Monica Trauzzi: Hello, and welcome to OnPoint. I’m Monica Trauzzi. With me today is Hugh Welsh, president of DSM North America. Hugh, thank you so much for coming back on the show.
Hugh Welsh: Thanks for having me again.
Monica Trauzzi: So Hugh, this week the Senate revisited issues stemming from the RFS and EPA’s implementation of the rule during an oversight hearing. What is your current level of confidence in EPA and its ability to effectively set RFS targets?
Hugh Welsh: We’re very happy with the way EPA’s done it thus far. We’d like to have them look at the mechanics of how they do the calculations again to move away from this ill-conceived concept of a blend wall. We don’t think that there’s a blend wall in the RFS legislation. So we’d like to see increasing blend levels, which would require EPA to do their calculations differently. I heard a little bit about Senator Inhofe’s committee hearing today. Still a lot of arguments against the RFS. Trying to repeal the RFS, but we’re also confident that the RFS is going to remain through 2022.
Monica Trauzzi: What’s the level of responsiveness from EPA in changing the way that they do their calculations?
Hugh Welsh: Not so much today, but I think the EPA is waiting to see how the plethora of lawsuits resolve themselves over the course of time.
Monica Trauzzi: Earlier this month, Senator Bill Cassidy proposed an amendment to the big energy package that would have repealed the RFS. Do you expect that efforts like that one will continue with any success?
Hugh Welsh: I expect that efforts will continue. Groups like API and some of the other big oil lobbying firms will continue to push their elected officials to have the RFS repealed, but I don’t think they’ll be successful at all.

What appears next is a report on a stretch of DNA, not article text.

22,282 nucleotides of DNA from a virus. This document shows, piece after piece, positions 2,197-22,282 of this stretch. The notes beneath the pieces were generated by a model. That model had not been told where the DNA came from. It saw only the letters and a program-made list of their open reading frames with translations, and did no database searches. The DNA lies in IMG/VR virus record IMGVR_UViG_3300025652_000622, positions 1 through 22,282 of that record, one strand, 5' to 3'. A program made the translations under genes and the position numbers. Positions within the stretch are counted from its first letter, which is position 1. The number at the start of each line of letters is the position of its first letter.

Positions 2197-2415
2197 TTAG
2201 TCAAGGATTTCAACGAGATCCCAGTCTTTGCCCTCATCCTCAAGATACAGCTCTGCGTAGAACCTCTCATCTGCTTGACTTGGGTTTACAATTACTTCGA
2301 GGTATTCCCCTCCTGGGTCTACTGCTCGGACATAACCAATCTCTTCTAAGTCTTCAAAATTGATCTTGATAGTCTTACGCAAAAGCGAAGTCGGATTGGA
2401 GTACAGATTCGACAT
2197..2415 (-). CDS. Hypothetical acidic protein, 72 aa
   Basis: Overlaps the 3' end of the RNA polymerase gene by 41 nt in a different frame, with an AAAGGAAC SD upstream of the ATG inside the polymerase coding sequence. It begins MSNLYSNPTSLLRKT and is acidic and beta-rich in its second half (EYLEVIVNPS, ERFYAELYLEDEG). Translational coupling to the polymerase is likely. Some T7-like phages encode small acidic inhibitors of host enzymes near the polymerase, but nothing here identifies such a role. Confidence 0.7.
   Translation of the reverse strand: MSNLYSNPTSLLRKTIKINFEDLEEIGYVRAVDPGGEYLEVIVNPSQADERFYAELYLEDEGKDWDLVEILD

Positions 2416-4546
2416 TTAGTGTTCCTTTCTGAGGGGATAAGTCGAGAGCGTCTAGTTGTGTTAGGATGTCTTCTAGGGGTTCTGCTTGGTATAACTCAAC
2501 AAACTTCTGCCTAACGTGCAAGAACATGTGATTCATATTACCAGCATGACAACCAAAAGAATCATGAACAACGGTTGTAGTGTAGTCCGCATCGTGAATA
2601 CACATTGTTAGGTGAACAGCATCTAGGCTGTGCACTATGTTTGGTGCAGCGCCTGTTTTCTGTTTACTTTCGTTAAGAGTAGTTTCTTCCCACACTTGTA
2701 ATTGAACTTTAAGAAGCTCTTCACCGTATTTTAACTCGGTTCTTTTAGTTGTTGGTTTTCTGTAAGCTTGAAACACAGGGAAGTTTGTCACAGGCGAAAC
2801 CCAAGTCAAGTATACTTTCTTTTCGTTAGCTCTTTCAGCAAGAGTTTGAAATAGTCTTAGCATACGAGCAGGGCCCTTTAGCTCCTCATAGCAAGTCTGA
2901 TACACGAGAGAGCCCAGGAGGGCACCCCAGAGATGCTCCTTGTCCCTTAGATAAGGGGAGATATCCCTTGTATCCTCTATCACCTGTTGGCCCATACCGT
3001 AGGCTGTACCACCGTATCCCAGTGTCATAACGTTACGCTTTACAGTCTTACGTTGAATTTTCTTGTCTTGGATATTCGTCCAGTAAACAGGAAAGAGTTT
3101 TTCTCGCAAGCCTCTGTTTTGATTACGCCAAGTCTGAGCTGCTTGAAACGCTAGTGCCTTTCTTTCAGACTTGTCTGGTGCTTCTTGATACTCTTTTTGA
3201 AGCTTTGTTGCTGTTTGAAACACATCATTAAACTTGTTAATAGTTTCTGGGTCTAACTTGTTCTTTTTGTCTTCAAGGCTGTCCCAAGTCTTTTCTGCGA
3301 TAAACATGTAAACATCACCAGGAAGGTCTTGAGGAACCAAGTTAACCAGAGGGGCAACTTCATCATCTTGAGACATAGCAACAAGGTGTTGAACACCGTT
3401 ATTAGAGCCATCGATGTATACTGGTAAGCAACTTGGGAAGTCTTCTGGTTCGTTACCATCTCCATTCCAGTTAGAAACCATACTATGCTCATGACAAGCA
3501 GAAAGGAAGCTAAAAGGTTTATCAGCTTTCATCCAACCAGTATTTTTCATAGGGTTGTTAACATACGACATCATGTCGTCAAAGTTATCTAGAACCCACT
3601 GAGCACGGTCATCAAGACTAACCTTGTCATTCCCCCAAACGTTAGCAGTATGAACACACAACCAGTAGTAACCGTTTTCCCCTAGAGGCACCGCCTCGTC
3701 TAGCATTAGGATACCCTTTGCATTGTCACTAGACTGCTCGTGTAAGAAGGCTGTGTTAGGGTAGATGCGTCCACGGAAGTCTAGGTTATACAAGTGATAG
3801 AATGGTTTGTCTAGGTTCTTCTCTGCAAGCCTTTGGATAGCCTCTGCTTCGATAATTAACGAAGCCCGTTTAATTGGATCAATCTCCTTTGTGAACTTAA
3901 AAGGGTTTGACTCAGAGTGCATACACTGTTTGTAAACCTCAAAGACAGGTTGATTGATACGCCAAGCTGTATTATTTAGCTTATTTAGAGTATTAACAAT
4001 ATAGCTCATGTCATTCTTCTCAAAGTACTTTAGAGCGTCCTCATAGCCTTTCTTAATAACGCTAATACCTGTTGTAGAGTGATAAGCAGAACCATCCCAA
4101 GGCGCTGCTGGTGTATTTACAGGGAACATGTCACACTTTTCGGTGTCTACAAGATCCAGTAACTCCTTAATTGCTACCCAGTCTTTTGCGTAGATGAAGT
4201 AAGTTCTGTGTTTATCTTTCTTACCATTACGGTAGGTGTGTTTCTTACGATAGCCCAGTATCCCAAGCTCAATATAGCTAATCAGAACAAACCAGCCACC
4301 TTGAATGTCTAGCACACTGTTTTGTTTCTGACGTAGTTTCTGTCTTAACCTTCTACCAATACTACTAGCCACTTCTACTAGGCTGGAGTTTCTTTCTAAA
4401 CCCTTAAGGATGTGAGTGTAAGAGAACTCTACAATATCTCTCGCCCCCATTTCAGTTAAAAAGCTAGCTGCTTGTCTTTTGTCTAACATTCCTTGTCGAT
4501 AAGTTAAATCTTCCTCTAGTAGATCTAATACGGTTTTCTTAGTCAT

Monica Trauzzi: Republican presidential candidate Ted Cruz still managed to win Iowa earlier this month despite being in favor of repealing the RFS. Has the industry seen any specific impacts from this really heated debate over the RFS that we’ve seen in the presidential campaign?
Hugh Welsh: Senator Cruz did win in Iowa, but 83 percent of the voters voted for pro-RFS candidates, which was even a higher level than in 2012. So the result in Iowa was actually, from our perspective, very pro-RFS. We, again, remain confident that the RFS will remain in place. It’s good for the country, good for the environment, good for jobs.
Monica Trauzzi: So we’re hearing from many U.S. biofuels companies that China is increasingly looking like a compelling market. What signals are you seeing from the Chinese market that there is demand for U.S. advanced biofuels?
Hugh Welsh: There’s a lot of capital flight at the moment from China. You see it in the news every day on MSNBC and some other stations, but one area where the Chinese government, both the public and private sector, are looking at is ways to bring in cellulosic ethanol specifically. So they would love to bring in cellulosic ethanol technology to produce ethanol within China. The reason is the Chinese government has put a moratorium on building new grain ethanol plants ’cause they don’t want ethanol in China to compete with food or feed. DSM, with our partner POET, has built a large-scale demonstration plant here in the United States called Project Liberty. So we have a lot of interest from different Chinese organizations to license our technology, to bring it to China to help alleviate some of the environmental concerns that they have.
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